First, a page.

As a community-driven, open source collective, we value all user contributions at ArviZ. While most users often tend to look for ways to contribute code via PRs, we welcome and encourage help with issue triaging.
We consider issue triaging an integral part of the library development. It is the main communication channel between contributors and users of ArviZ. Moreover, it is a task that gives contributors more flexibility than contributing code.
This page aims to describe how to get started as an issue triager with ArviZ and provide some guidelines related to the task.
Even if it is often ignored, issue triaging is generally regarded as an important task, and it is getting more traction lately. A clear example of that is the Labelathon recently hosted by the rOpenSci community. The Labelathon was recorded and has also had a couple of follow-up blogpost which are great resources related to issue triaging.
How to subscribe to ArviZ issues#
The first step for you to get started would be to make sure you subscribe and get notifications of any new issue published on ArviZ’s GitHub repo. You can then chose to work on it at the moment or come back to it later. Staying subscribed will ensure you are notified whenever issues are created or updated and therefore, see where your help might be needed.
If you are not familiar on how to set up notifications on GitHub, please check the following - Setting Up Notifications on GitHub. Once you are set up, you can view your subscriptions and manage your subscritions to ensure you are not being inundated with the volume and are getting notifications only to issues of your interest.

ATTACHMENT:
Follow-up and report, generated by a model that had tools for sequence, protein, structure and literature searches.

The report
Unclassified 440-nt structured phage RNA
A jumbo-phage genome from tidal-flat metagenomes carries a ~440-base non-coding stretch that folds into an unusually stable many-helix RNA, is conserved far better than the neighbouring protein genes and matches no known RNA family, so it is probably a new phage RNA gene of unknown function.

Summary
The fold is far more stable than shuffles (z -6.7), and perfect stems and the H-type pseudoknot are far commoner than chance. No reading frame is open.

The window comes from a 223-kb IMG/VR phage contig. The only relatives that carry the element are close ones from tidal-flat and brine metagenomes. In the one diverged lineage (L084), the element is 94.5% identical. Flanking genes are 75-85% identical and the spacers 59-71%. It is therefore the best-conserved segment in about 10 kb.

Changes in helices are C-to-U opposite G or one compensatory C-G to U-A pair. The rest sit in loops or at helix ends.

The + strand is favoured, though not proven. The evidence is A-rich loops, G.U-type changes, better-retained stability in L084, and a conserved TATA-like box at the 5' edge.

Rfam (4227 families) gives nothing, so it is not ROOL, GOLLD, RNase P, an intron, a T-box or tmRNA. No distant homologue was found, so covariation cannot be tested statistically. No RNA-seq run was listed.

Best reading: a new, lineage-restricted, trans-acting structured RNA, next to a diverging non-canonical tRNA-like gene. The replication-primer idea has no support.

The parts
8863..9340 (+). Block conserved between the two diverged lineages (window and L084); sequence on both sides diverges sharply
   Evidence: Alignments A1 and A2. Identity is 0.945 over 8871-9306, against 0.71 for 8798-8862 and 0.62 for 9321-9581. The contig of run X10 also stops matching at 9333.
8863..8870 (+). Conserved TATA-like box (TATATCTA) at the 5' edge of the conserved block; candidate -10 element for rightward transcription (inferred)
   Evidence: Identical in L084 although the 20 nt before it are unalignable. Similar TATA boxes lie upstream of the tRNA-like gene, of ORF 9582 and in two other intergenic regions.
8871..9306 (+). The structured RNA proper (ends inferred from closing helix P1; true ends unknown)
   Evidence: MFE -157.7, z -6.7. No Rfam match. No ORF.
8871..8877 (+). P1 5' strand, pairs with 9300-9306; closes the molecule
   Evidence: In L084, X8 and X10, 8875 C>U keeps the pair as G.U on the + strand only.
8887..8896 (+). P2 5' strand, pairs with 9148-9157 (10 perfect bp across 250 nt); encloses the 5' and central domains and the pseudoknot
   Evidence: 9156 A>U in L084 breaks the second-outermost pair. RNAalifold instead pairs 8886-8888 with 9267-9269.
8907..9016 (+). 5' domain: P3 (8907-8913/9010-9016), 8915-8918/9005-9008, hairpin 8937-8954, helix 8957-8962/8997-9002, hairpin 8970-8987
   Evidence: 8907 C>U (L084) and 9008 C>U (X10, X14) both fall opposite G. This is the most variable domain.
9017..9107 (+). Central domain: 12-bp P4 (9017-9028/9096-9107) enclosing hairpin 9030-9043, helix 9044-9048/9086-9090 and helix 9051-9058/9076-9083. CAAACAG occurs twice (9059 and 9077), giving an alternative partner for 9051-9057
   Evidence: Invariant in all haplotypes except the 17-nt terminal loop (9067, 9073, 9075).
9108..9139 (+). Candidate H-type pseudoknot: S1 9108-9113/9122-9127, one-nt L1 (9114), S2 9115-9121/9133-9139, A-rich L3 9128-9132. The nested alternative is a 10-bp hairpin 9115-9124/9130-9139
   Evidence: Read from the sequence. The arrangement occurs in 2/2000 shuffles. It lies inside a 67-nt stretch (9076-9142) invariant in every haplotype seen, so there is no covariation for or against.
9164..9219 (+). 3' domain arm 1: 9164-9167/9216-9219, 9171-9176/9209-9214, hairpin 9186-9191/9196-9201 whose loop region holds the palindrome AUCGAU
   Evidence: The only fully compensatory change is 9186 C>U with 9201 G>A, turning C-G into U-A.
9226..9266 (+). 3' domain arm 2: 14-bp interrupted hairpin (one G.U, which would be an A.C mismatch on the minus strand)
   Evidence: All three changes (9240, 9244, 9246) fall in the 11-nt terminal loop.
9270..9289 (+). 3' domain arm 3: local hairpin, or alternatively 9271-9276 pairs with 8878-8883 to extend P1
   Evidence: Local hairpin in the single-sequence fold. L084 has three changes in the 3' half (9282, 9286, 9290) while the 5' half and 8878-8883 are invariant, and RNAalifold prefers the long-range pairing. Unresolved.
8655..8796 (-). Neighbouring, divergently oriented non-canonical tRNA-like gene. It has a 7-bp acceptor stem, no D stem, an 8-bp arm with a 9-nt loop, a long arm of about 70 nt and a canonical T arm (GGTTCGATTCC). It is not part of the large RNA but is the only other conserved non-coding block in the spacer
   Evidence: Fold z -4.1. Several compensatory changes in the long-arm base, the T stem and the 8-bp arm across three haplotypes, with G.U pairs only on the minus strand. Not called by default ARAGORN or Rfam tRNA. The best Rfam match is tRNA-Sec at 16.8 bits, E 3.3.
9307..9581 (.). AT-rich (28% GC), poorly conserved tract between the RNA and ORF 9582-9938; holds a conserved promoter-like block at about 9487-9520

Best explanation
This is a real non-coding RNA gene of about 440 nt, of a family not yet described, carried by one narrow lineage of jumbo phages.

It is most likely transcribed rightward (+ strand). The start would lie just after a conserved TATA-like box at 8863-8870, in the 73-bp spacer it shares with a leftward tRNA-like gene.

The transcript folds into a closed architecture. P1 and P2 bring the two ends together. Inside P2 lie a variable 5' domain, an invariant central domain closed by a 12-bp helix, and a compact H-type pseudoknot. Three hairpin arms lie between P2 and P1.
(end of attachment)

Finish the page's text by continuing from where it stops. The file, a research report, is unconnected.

Triage guidelines and suggestions#
Similar to contributing code via PRs, most issue triaging tasks don’t require any specific permissions. Anyone with a GitHub account can help with issue triaging.
The list below provides ideas and examples of issue triaging entails. However, it is not a comprehensive compilation. Often users encounter issues not foreseen or experienced by developers. We encourage users go ahead and take ownership and bring these to the attention of the person who have posted or the contributors working on it.
- Make sure the issue contains a minimal reproducible example, if relevant.
Sometimes, the issue doesn’t contain an example, however, it can still be clear about the problem. In that scenario, someone other than the person who posted the issue can generate an example. Issues with a reproducible example allow contributors to focus on fixing the bug or testing the proposed enhancement directly instead of having to first understand and reproduce the issue. This therefore makes things easier for contributors, but at the same time will reduce the time it takes to answer or fix an issue, helping issue posters directly too.
- Ensure the issue is clear and has references, if needed.
If an issue is not completely clear, you can comment by asking for clarifications or adding extra references so the issue is clear enough for someone else to start working on. One example would be #1694 (comment)
- Suggest fixes or workarounds.
In some cases, the issue might be a usage question more than an issue (for example #1758), in which case it can be answered directly, in some other cases it might be a version mismatch (i.e. users expecting a fresh out of the oven feature to be present in the latest version when it’s only available on GitHub development version like in #1773). Or there may even be a not ideal yet acceptable workaround for users to avoid the issue before it’s fixed (for example #1467).
- Guide newcomers
It is also important to introduce people who comment on ArviZ issues for the first time to the community, as well as helping people find issues to work on that match their interest and abilities.
If you regularly help with issue triaging you’ll probably be asked to join the team and be given some triaging or write permissions on the ArviZ GitHub repo. This would allow you to label and assign issues in the ArviZ repo.
You can read more about our team and how to join in the about_us page.